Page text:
After a brief lull, Florida Sen. Marco Rubio is again hitting the right-wing media circuit to sell the so-called Gang of Eight's immigration-reform plan, which has all but been released. His office this afternoon sent out a transcript of an interview with Michael Medved.
But Rubio's office didn't send out a copy of a letter that, according to the conservative Breitbart website, Rubio issued to the Tea Party Patriots who protested at a Florida office and accused him of supporting a bill that's going to be rammed through Congress.
The Martin County 9/12 Tea Party Committee also protested. And not all tea partiers are upset, as Rubio's office points out. Indeed, there's a faction of the extreme right (as with the left, but not to as great a degree, it seems) that's never satisfied.
“First, there is absolutely no truth to the idea that I will support any immigration legislation that is rushed through Congress in typical Washington fashion,” Rubio wrote. “Already, I have fought and continue to fight to secure commitments for greater transparency through committee hearings and mark-up sessions that will allow senators on the Judiciary Committee ample opportunities to review and amend any immigration legislation before it is considered by the full Senate for additional debate and scrutiny. As a result, not only has the Judiciary Committee agreed to delay its first hearing on this issue, it has agreed to add an additional one next week.”
Medved's interview was decidedly less confrontational. Here's the transcript provided by Rubio's office:
Michael Medved: “A few minutes more with Senator Marco Rubio, the senator from Florida who is leading the fight to fix an immigration system that has become a dysfunctional nightmare. Senator, for people who say the conservative position really should be defending our current immigration system or enforcing our current laws more effectively, what do you say?”
Senator Marco Rubio: “A couple things. First of all, our current laws are dysfunctional in terms of we have a legal immigration system that’s just completely broken. Actually it’s one of the contributors to illegal immigration. The idea that we should enforce our laws, I agree with one hundred percent, no doubt about it. But we need to recognize that our current system of immigration is broken. It is not a 21st century immigration system. One of the things we do in this bill is we change that. We move it away from a family-based system, which is basically based on whether you know someone in the United States or not, and we move it towards a merit-based system, where our immigration is actually going to be about attracting people who have skills or talents or a job waiting for them here, and have something to contribute to the economy. And so I think that’s one of the reason’s I think we need to do immigration reform.
“The second problem we have that is encouraging illegal immigration is we don’t have a viable temporary worker program. And so, for example, agriculture needs temporary workers. These are jobs that sometimes Americans won’t do. And there’s no way to legally get that workforce. And so if you have a supply of people willing to do that job, a demand for those jobs, and no legal way for the two to meet, they’re going to meet illegally. And that’s what we have now. So to defend the current system, I think is a terrible mistake.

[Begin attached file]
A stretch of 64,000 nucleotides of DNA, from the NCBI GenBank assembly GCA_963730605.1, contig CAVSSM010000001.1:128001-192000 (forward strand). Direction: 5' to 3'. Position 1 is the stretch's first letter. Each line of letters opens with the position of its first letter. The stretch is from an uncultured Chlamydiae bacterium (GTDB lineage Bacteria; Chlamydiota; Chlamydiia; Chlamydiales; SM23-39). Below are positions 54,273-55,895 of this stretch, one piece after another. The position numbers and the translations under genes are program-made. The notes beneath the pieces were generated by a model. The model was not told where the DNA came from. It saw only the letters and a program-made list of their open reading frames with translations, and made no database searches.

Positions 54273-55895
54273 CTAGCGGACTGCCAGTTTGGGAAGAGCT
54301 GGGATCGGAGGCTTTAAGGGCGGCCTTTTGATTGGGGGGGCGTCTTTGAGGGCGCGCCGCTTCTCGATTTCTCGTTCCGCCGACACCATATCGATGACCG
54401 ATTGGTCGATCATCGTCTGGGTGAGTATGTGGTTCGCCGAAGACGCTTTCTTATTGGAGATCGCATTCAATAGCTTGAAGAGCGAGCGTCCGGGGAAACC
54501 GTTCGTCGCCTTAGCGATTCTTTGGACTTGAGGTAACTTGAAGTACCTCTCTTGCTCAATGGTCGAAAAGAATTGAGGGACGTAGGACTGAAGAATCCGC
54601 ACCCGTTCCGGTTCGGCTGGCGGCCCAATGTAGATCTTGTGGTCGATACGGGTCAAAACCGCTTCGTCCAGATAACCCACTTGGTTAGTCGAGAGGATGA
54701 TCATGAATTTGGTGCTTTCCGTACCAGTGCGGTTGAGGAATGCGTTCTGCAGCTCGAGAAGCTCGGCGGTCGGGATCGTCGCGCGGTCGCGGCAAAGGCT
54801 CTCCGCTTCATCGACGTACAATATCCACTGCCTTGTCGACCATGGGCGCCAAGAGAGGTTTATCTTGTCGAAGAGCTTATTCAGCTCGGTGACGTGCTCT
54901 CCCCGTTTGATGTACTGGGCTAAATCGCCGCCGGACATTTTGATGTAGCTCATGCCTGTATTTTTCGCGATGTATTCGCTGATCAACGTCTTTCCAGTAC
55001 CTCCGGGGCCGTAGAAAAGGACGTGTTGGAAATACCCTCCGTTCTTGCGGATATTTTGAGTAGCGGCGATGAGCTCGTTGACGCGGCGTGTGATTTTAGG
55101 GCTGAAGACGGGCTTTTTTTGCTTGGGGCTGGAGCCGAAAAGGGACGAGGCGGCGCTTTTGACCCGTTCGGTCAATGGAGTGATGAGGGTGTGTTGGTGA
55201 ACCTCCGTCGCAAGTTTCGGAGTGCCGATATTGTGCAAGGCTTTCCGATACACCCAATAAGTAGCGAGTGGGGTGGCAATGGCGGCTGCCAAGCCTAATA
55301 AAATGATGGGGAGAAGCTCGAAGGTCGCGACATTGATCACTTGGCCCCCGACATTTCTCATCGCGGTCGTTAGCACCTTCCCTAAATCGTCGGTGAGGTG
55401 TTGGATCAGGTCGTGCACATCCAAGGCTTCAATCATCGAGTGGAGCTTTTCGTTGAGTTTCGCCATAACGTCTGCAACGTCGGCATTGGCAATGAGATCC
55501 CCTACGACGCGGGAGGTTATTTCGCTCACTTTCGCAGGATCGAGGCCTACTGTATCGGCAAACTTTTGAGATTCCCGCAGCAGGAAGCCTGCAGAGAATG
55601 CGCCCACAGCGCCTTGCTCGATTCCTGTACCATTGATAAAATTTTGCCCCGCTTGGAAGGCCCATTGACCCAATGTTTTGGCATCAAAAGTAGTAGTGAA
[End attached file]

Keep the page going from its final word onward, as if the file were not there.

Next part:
“And last but not least, we have a reality that we have 11 million people in this country that are here illegally. And the question is, what do we do about it? Now, if anyone believes that we can round up 11 million people and deport them, then they should advocate that. If they believe that what we should do is make life miserable for them so they’ll deport themselves, then they should advocate that. I personally don’t believe that either one of those strategies will happen or can work.”
Medved: “Maybe we can concentrate on making life miserable for the people who are gang bangers, who are coyotes, who are drug dealers. There are some people here like that, but that’s not most of the illegals.”
Rubio: “That’s why if we can have a legalization process where we can identify people, we can put them through a background check, we can make them pay a fine, we can make them be gainfully employed and pay taxes, we deny them any sort of federal benefits so they are not here for welfare – or anything like that. Our bill does all of those things. Then you can focus your law enforcement resources on the people that fail the background checks, on the criminals, on the gang bangers, on the people who are actually here to take advantage of our social welfare systems. Because now there will be less people to concentrate on and you can fully focus on them. That’s one of the reasons why we need to deal with this. And the most important thing we have to ensure is that this never happens again. We cannot be here 10 years from now with another 10 million illegally here.”
Medved: “And that is so profoundly true and so important. Marco Rubio, appreciate your clarity, your courage, your conviction on this issue which is crucial to the economic future of the United States.”